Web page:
*From 1983, 1990, 1995, 2001, 2005, and 2009 and the latest results were published 24 April 2014 by the Victoria Transport Policy Institute. Trip data considers mixed-use within a trip. Walking data includes walking from the parked automobile to the destination. See "Short and Sweet, Analysis of Shorter Trips using National Household Survey Data", 24 April 2014, Todd Litman, Victoria Transport Policy Institute.

Monday, May 19, 2014

City Transit Survey

UPDATE: 800 surveys received so far, the input period has been extended to June 6 2014.

The city of Laguna Beach is conducting a transit analysis of the transit system sponsored by Laguna Beach. The analysis will look at ways to improve service generate revenue and contain costs. The transit system consists of
  • Mainline Blue and White Bus
  • Laguna Beach Summer Trolley
  • Sally's Fund Van
  • Taxi Voucher Program
 The city Planning Department would like your help to improve the system by taking a short survey and giving your opinion. Please contribute by taking the city survey and read more details on the survey page here.

Stakeholder meetings were held in January and February, you can participate in the next one at a time and date to be determined. -LS

Saturday, May 10, 2014


On May 1 a Dana Point cyclist was killed when he collided with a motorist on PCH. Meanwhile in Laguna this is the view from the same highway at 7:30am. Workers park on the shoulder waiting to gain access to communities at Emerald Bay and Irvine Cove. In a letter to City Council local Laguna resident  Max Isles describes the scene:

This section of PCH is a "no stopping at any time" zone. I have called the LB police many times but nothing is done. I assume the "no stopping" is for safety reasons which would make perfect sense as sections the shoulder are not sufficiently wide to accommodate many vehicles so they protrude into the carriage way. This is a hazard and a danger to motorist but a very real and great danger to cyclists, forcing them out into the fast moving traffic. The vehicles are those of construction workers who are not granted access until 7:30am.

Dana Point accommodates bicyclists with on-road bicycle lanes and a lower vehicle speed limit - improvements made mandatory by state stature. Despite the roadway improvements another cyclist was killed. In Laguna no roadway improvements are made for cyclists and despite the obvious hazard to both motorists and cyclists nothing is done.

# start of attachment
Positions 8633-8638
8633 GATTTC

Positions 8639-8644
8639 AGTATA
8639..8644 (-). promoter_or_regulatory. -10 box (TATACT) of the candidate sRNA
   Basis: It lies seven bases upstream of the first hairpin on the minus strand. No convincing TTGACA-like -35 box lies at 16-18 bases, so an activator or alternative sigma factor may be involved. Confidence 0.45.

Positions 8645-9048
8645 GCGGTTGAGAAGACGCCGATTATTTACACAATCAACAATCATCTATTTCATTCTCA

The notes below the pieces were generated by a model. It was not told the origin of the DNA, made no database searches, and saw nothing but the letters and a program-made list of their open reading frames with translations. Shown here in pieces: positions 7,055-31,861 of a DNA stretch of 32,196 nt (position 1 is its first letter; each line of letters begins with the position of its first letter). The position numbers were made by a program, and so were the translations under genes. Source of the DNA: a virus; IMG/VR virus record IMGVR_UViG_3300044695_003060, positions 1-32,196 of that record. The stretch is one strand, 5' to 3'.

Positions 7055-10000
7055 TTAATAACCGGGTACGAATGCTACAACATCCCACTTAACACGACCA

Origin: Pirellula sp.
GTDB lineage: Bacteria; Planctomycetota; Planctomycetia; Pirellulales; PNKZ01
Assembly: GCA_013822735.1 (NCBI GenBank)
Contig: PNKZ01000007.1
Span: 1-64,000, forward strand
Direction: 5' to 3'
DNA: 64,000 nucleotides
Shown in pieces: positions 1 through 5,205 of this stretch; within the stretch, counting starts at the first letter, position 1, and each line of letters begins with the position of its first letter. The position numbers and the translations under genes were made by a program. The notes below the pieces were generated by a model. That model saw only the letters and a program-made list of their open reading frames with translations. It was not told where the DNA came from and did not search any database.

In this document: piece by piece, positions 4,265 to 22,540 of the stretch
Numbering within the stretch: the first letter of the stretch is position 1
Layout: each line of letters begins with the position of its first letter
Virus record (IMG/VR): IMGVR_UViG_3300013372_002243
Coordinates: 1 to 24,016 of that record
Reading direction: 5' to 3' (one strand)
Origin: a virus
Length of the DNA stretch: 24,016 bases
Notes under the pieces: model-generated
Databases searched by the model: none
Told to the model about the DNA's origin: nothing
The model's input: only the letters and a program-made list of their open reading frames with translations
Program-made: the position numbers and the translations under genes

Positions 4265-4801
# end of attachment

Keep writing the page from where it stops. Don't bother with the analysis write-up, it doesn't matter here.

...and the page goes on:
In Dana Point the cyclist was struck at 11:15pm on PCH at Blue Lantern. Have motor vehicle accidents become a tolerable cost of driving? The deceased 38 year old leaves behind a wife and young children, are they to grieve in private because nothing will be done? See the previous post Friday May 9 2014 at Laguna Streets.  -LS

Friday, May 9, 2014

Are Traffic Fatalities an Acceptable Loss?

This is from the former Commissioner Department of Transportation Washington DC. The source is an executive summary from Transportation Alternatives, New York City.

“The numbers are staggering: we’re worried
about murder; we’re worried about terrorism;
we’ve lost 3,000 people to terrorism in the United
States in the past 10 years, obviously we’ve got
to worry about that, but in those ten years we’ve
lost 400,000 people on our roads. We’re worried
about US deaths in Iraq, and that’s 5,000 people
and we lose 5,000 in two months, or more than
5,000 in two months on our roads,” says former
DOT First Deputy Commissioner Sam Schwartz,
“It’s not taken seriously. I’ve never heard anyone
in the U.S. say what they are saying in European
countries or cities, of zero deaths as a goal.”

Then the report says " This (auto collisions) is the number one killer of New York City children." Today Americans tolerate 40,000 deaths per year from motor vehicle accidents  as an acceptable loss to be grieved in private.

In 1970's Netherlands the automobile proliferated just like it had in the United States, the motorcar was so successful that pedestrians were put on notice. School children were killed in collisions with the motorcar to the point Dutch citizens led a protest to solve the problem (video).  That revolution resulted in a balanced transportation plan in the Netherlands today, the same plan began in New York City more recently. "Build it and they will come."

Expect more traffic and automobile related fatalities in Laguna's future until we too adopt the Netherland's balanced mobility plan.  -LS

Sunday, May 4, 2014

Romancing the Automobile a Historical Perspective

"Let HERTZ put you in the Drivers Seat"
Baby boomers remember the 1959 jingle “Let Hertz put you in the drivers seat" because of their enduring love-affair with the automobile. In Los Angeles the song goes “nobody walks in L.A." (Missing Persons). The car gave Americans freedom of mobility; it allowed them to work in the city but commute privately from the suburbs. The car held a particular attraction for Americans who by now had a century-long love affair with them, we live in a nation where urban design was conceived and designed around cars because Americans wanted them.